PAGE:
Few books have made as much of an impact on me in the last year as Sarah Bessey’s “Jesus Feminist”. I read it so quickly the first time, knowing though that my enjoyment would continue to grow and that I’d immediately re-read it slowly, devouring sentence after sentence, drinking it all in. And I already want to read it for a third time! I just wanted to highlight some of the things I LOVE about this book here, with a STRONG encouragement for you all to purchase your own copy (here) to read and underline on your own! 🙂
Something that Sarah Bessey and another favorite of mine, Shauna Niequist, have in common, is the way they beautifully simplify some of the things that twist up and complicate my mind the most. Here, Sarah writes about the idea of being a Jesus Feminist, saying, “I call myself a Jesus feminist because to me, the qualifier means I am a feminist precisely because of my life-long commitment to Jesus and his Way.” (14) While the concept of “Jesus Feminist” might seem controversial and chancy, at best, Bessey’s humble approach and winsome personality shine through in a way that is entrancing and beautiful. In this book, Sarah writes to readers about her own experience with Scripture and Jesus, saying, “After years of reading the Gospels and the full canon of Scripture, here is, very simply, what I learned about Jesus and the ladies: he loves us…In a time when women were almost silent or invisible in literature, Scripture affirms and celebrates women. Women were a part of Jesus’ teaching, part of his life. Women were there for all of it.” (17) She makes it out to be so clear and sweet. In addition, she writes that “our big and good God is at work in the world, and we have been invited to participate fully however God has gifted and equipped and called each of us. One needn’t identify as a feminist to participate in the redemptive movement of God for women in the world.” (171) At the end, she reminds us that “Biblical equality is not the endgame; it is one of the means to God’s big ending: all things redeemed, all things restored. Jesus feminism is only one thread in God’s beautiful woven story of redemption.” (178) Her book is not an argument, nor a soapbox, nor even a rant. She delightfully illustrates the concept of Jesus Feminism in a biblically-founded, still-deeply-in-love-with-Jesus sort of way that is endearing and nuanced, while remaining steadfastly truthful and clear.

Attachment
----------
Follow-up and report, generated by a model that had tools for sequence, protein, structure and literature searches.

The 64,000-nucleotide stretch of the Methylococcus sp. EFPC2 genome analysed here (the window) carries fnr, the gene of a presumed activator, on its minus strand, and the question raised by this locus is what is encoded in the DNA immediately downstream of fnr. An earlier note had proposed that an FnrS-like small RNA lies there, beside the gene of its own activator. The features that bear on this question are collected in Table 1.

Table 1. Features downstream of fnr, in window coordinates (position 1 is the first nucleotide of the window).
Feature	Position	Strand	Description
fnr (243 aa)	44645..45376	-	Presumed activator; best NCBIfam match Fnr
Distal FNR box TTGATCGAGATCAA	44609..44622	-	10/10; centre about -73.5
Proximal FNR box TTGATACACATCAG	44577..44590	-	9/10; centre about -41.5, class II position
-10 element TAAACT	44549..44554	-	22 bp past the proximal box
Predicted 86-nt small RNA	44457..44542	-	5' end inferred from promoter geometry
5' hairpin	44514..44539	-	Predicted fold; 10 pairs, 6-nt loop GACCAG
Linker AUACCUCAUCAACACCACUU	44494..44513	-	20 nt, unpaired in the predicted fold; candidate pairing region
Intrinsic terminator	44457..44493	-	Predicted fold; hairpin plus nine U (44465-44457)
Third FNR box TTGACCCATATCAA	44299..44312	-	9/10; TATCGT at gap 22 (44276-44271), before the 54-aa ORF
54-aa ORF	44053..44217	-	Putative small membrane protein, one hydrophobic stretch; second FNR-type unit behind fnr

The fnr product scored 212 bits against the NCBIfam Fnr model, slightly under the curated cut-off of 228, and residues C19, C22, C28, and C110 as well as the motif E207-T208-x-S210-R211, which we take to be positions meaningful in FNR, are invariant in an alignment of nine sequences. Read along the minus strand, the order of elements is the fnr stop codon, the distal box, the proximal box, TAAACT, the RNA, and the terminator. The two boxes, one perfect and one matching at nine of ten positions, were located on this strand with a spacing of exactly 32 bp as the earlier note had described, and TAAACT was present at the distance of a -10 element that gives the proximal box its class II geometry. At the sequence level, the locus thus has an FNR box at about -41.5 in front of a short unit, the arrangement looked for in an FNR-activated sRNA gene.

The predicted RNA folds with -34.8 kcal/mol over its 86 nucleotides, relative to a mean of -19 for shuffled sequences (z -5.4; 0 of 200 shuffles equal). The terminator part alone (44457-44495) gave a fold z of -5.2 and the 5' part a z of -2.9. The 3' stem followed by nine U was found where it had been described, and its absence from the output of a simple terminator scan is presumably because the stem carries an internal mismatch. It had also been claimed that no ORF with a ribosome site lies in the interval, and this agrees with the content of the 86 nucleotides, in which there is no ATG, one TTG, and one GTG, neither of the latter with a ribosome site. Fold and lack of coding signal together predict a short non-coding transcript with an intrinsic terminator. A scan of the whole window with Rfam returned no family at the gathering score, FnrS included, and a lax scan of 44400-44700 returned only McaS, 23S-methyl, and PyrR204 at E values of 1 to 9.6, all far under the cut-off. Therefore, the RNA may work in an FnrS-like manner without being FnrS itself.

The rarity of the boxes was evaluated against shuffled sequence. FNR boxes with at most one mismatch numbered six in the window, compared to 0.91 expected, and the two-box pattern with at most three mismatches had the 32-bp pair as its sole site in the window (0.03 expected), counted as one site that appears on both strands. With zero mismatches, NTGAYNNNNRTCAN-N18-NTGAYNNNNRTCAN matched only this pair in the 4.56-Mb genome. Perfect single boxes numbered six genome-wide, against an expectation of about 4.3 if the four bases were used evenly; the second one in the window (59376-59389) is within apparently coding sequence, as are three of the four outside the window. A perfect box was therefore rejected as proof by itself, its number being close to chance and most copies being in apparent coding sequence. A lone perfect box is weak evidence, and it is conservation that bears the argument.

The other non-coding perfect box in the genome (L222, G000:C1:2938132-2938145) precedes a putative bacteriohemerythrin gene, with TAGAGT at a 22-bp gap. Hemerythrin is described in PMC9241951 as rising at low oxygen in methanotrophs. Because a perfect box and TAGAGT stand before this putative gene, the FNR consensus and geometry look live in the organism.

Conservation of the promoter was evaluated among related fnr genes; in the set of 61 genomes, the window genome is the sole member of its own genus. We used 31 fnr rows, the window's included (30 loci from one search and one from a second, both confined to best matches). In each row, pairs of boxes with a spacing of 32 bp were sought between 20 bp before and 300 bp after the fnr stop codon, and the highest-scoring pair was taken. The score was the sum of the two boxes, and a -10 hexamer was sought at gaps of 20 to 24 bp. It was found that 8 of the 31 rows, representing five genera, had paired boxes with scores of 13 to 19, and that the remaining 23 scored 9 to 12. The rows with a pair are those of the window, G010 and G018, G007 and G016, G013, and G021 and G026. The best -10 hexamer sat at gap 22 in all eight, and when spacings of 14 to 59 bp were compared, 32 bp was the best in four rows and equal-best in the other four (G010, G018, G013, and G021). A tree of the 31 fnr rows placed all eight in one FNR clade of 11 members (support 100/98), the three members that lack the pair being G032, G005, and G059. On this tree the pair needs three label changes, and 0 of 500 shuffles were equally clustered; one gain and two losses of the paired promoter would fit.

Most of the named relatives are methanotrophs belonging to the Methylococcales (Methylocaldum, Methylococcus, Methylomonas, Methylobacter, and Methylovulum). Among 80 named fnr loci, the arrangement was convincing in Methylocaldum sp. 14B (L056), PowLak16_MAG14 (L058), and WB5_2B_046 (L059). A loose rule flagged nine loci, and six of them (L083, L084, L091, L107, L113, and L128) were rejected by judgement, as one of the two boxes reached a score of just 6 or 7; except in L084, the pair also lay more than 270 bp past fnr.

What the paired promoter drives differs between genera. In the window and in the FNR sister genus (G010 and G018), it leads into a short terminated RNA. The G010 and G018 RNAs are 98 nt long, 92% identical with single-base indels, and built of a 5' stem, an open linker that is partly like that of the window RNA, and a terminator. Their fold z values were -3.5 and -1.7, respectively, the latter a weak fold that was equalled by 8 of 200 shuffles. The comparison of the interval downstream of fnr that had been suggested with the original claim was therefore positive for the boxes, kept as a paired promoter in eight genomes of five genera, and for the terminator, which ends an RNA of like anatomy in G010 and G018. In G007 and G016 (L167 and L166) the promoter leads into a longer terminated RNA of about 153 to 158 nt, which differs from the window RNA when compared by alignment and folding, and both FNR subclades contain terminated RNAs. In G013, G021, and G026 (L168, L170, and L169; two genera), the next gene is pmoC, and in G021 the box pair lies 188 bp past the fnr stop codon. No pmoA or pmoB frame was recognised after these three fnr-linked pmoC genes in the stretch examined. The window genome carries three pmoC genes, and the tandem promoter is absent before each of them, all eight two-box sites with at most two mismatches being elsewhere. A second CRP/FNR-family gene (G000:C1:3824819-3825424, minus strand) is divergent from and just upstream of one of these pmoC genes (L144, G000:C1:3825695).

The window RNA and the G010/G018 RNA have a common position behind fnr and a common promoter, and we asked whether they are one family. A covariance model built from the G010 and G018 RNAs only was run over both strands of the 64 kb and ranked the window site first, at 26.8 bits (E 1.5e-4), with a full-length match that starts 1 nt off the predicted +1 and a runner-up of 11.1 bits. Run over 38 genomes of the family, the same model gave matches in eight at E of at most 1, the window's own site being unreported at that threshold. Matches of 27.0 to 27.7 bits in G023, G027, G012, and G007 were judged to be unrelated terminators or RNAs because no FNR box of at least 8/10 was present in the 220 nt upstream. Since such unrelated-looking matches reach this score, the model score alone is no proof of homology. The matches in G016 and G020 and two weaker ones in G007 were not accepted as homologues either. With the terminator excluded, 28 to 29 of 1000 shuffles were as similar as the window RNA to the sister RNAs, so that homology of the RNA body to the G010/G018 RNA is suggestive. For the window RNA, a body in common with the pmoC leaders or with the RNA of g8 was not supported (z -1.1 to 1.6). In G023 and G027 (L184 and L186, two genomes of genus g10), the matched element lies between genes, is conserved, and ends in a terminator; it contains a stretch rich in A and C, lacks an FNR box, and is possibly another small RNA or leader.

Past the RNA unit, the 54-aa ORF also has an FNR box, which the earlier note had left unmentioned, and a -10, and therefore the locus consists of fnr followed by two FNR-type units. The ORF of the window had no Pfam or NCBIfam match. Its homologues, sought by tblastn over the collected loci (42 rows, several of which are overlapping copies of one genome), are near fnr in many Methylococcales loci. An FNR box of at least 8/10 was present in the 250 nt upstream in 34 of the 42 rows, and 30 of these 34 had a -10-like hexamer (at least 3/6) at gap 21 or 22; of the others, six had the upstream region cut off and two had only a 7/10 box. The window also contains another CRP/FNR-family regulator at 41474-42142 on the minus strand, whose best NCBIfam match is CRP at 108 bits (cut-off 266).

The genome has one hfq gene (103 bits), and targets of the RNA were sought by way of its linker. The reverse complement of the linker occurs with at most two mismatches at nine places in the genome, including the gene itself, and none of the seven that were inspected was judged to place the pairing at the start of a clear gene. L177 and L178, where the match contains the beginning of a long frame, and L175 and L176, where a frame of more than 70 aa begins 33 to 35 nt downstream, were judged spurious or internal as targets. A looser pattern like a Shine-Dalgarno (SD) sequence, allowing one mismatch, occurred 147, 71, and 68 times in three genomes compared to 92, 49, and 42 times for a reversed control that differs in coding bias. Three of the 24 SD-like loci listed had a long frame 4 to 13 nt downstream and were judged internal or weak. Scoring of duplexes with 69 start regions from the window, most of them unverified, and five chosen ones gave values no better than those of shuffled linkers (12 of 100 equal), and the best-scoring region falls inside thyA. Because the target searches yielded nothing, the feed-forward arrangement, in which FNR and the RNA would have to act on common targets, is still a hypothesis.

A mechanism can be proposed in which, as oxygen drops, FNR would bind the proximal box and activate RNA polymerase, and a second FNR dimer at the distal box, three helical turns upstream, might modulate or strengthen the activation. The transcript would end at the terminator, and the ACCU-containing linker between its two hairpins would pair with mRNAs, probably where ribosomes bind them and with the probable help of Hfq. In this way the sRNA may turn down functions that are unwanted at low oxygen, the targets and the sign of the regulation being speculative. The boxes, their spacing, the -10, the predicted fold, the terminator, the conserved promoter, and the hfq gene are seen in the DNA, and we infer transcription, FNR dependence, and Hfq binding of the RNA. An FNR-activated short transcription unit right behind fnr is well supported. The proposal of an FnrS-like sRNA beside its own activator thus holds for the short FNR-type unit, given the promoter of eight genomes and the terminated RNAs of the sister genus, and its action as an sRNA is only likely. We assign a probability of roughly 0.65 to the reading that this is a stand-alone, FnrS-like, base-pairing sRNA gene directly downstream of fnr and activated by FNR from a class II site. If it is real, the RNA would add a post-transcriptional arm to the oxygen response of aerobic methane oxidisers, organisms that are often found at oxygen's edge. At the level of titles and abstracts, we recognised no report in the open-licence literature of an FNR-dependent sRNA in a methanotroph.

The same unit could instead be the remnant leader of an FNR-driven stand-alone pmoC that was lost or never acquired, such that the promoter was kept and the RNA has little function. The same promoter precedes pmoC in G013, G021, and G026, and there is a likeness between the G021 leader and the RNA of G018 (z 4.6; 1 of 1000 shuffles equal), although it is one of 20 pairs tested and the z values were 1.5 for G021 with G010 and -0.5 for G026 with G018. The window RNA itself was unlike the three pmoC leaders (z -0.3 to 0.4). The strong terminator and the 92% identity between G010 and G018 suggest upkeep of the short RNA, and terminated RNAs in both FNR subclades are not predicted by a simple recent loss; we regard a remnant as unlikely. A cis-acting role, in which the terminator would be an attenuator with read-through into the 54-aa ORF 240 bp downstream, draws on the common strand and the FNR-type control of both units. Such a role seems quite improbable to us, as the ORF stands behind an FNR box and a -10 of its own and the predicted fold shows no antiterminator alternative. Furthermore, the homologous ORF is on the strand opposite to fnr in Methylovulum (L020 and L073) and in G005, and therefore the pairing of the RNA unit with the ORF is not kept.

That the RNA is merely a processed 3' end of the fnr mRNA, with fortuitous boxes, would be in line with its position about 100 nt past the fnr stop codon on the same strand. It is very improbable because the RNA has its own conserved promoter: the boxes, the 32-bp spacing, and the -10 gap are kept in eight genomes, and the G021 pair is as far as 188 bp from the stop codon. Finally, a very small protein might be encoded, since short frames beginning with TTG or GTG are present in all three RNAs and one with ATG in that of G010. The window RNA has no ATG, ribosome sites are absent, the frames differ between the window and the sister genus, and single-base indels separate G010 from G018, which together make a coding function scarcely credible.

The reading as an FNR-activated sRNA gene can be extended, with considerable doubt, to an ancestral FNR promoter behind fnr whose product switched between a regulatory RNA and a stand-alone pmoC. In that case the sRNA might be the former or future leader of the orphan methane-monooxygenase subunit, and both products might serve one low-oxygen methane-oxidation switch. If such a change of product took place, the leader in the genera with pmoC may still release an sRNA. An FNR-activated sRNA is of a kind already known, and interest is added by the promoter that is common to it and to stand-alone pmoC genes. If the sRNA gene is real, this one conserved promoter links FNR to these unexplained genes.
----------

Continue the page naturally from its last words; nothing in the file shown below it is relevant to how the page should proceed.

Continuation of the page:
This book entered my life at a crucial moment, where the tensions that had been building regarding my own place in the church and in the family of God as a leader and teacher, so quotes like this truly clawed at my heart, “I know that you come bearing wounds. Don’t we all? Perhaps someone has explained away your gifts and your callings, your abilities and your wisdom – maybe even your marriage, your stories, your testimony. Someone may have clobbered you with paragraphs and words and proof texts, made you feel like you are wrong somehow, either in your practice or your orthodoxy or your very created and called self.” (2) I am walking away encouraged, enlightened, and embraced. Thank you, Sarah Bessey, and keep going.
P.S. If this is a topic that is even remotely interesting or important to you, it would be a disservice for you not to know about The Junia Project! Check them out here.